Download ALT 26 War in African Literature Today by Ernest N. Emenyonu PDF

By Ernest N. Emenyonu

Because the moment half the 20 th century, no unmarried phenomenon has marred the picture and improvement of Africa greater than mindless fratricidal wars which speedily the political independence of countries. This factor of African Literature at the present time is dedicated to experiences of ways African writers, as old witnesses, have dealt with the game of conflict as a cataclysmic phenomenon in a variety of destinations at the continent. The individuals discover the topic from a number of views: panoramic, neighborhood, nationwide and during comparative experiences. struggle has enriched modern African literature, yet at what fee to human lives, peace and the surroundings? ERNEST EMENYONU is Professor of the dep. of Africana stories collage of Michigan-Flint. The members comprise: CHIMALUM NWANKWO, CHRISTINE MATZKE, CLEMENT A. OKAFOR, INIBONG I. UKO, OIKE MACHIKO, SOPHIE OGWUDE, MAURICE TAONEZVI VAMBE, ZOE NORRIDGE and ISIDORE DIALA. Nigeria: HEBN

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The work we started now was different to the work we had done previously. Then we didn’t have any idea about drama. Now, Alemseged taught us what drama meant and how it had developed historically, for example among the ancient Greeks or about Ngugi’s drama. We became totally absorbed. Thanks to Alemseged, we were getting to know fundamental ideas about drama. (interview, 29 February 2000) Engendering Drama in the EPLF At this time of war, the early 1980s, theatre work was hampered by many obstacles: the constant threat of military attacks, especially air raids; the dearth of materials and rehearsal time, but also the lack of training, experience and performative skills.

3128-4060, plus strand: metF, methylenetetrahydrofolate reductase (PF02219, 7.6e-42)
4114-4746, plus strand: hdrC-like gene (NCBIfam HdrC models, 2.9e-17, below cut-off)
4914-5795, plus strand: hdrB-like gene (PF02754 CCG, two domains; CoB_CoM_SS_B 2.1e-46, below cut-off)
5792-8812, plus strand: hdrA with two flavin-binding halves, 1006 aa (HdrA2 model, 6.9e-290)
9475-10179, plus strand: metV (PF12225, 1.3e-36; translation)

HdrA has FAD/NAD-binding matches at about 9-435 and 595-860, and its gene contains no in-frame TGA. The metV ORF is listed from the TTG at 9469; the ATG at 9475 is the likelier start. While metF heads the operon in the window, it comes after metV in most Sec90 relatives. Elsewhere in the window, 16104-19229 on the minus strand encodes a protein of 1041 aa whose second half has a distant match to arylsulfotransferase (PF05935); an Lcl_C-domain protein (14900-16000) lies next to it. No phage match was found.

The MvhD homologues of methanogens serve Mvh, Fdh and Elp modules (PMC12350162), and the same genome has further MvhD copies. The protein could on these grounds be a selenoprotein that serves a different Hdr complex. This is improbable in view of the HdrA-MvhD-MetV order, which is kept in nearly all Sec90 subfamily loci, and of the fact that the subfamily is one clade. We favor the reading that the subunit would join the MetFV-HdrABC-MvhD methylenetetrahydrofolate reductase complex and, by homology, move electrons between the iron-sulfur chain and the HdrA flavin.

Two Weeks in the Trenches: Reminiscences of Childhood and War in Eritrea. Transl. Alemseged Tesfai. Asmara: Red Sea Press, 2002. —— Unpublished email to the author. 28 August 2002. —— ‘The Other War’. Transl. Paul Warwick, Samson Gebregzhier and Alemseged Tesfai. In Martin Banham and Jane Plastow (eds). Contemporary African Plays. London: Methuen, 1999: 261-301. (Repr. and with an ‘Afterword’ in Alemseged Tesfai. Two Weeks in the Trenches: Reminiscences of Childhood and War in Eritrea. Transl.

This is true whether it is done on purpose or inadvertently. In our and many other societies, for example, jokes and proverbs exist which belittle women [or] cheapen the relationship between husband and wife’ (A. Tesfai [1983]). Time and again, these attitudes were utilized to engender laughter among the spectators, for 20 ‘Life in the Camp of the Enemy’ mirth was believed to be the ultimate measure for the success of a show: Actors go to great length to use abusive language for comic effect. In plays against feudalism women are beaten just to make people laugh, not because of the logical development of the drama.

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